Peter Yarrow and Paul Stookey's concert at the Capitol One Theater in Westbury, Long Island, on Friday night began with an acknowledgment that their performance cannot be the same following the death of Mary Travers on September 16th. Both stated, however, that Mary's spirit remained with them and the audience, and they asked the latter to fill in some of her parts. But can anyone fill the role she played as seen, for example, in the video above from 1965?
Peter and Paul have been performing for most of their lives as part of folk music's most legendary trio, and their comfort on stage is clear. They have the ability to make an audience feel as if they were sitting in a living room listening to them sing, schmooze and joke around. Of course, their fans greeted them as familiar friends going back to a time when two acoustic guitars accompanied by longtime bassist Dick Kniss were all the instrumentation needed for an enjoyable concert.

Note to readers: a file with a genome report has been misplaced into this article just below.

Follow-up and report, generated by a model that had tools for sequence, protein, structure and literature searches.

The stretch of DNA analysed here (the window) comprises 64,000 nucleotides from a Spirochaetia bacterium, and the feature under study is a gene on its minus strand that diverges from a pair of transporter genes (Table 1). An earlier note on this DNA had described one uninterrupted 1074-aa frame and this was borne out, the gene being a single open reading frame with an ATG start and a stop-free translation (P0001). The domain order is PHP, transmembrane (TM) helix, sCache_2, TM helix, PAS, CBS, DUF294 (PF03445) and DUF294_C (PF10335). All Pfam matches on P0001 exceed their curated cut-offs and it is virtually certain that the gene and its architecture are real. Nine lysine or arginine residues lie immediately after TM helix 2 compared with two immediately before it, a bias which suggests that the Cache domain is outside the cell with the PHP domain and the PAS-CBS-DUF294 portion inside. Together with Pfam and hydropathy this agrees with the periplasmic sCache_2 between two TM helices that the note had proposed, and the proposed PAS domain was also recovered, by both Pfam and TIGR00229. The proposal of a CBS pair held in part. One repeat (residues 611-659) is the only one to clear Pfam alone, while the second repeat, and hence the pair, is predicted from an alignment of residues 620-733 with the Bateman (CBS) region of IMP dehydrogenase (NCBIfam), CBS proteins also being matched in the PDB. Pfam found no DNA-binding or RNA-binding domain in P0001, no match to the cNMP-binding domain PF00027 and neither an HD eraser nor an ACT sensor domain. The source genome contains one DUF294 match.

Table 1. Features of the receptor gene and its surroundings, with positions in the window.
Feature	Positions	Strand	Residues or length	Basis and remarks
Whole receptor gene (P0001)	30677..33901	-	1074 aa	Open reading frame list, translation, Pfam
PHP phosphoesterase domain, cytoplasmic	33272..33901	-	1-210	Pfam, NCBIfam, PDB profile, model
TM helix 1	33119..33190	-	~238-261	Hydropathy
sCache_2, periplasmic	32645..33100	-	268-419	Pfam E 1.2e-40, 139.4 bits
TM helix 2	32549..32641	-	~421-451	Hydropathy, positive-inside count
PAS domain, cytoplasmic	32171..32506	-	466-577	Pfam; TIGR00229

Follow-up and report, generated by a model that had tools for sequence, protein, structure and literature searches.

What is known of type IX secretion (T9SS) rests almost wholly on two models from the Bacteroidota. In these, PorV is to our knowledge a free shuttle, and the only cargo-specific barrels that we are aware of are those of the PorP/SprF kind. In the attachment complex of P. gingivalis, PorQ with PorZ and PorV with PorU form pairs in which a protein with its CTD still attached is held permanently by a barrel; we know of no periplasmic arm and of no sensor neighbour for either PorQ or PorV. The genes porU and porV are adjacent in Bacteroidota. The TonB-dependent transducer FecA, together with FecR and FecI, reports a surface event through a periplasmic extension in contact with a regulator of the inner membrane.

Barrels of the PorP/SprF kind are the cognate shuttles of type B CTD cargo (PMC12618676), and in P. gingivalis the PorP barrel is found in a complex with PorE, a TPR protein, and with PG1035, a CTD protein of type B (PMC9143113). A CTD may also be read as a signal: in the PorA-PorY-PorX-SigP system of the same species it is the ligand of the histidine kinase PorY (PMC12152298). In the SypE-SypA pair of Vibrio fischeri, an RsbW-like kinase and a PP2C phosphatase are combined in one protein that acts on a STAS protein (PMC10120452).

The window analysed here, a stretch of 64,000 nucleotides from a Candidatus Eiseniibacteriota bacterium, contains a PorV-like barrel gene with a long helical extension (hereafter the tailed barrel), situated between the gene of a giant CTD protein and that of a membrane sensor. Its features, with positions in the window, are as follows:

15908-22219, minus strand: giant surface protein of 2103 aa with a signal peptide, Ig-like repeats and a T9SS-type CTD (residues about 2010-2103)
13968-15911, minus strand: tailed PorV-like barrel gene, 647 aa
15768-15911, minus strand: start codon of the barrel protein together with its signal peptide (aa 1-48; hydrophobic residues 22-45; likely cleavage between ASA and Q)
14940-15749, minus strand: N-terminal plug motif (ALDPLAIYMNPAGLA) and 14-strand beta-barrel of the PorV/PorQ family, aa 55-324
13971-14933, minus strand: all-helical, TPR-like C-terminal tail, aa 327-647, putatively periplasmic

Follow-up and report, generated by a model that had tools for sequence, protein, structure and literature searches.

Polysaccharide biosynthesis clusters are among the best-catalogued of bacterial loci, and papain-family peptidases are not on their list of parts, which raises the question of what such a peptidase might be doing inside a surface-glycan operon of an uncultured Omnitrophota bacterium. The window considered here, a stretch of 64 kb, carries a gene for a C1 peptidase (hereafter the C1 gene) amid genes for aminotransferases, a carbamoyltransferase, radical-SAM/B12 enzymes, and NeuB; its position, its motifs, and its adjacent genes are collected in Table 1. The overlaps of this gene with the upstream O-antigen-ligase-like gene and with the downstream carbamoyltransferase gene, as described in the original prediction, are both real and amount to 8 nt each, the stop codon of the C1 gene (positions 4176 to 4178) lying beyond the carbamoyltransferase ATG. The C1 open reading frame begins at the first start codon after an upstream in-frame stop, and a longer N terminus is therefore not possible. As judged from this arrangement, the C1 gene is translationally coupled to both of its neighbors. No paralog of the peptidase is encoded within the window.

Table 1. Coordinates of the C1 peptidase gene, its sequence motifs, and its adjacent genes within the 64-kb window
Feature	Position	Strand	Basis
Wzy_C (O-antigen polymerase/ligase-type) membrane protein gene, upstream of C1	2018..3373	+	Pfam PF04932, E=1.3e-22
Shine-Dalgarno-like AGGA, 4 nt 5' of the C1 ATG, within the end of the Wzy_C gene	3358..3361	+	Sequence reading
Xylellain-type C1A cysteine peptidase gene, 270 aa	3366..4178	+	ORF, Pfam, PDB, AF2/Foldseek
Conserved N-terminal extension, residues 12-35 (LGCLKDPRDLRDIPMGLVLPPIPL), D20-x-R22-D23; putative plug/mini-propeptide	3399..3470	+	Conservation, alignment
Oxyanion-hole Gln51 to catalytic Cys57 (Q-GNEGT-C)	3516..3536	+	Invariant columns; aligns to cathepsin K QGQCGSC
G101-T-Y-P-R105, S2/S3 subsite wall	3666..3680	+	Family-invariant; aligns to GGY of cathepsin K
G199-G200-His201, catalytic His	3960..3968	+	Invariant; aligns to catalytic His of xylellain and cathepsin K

On the other hand, I found Peter's observations and banter to be excessive at times. Perhaps it's my curmudgeonly nature–the audience was obviously entertained–but I would have traded some of it for two or three more songs. Peter said that Mary sometimes played the part of a mother hen who kept the two boys from getting too rambunctious, so perhaps his behavior in her absence proved that point. On the other hand, Paul did present a meaningful talk on folk music's message of inclusiveness and the way it reflects the common experiences of all people.
The concert wasn't all talk, however, and it was wonderful to hear the two sing classics such as "Blowin' In The Wind" and "This Land Is Your Land." But my gaze kept wandering to the space between them that had been so long occupied by Mary. Especially on certain songs such as "Leaving On A Jet Plane," it was clear that Mary's wonderful voice, warmth and compassion are irreplaceable.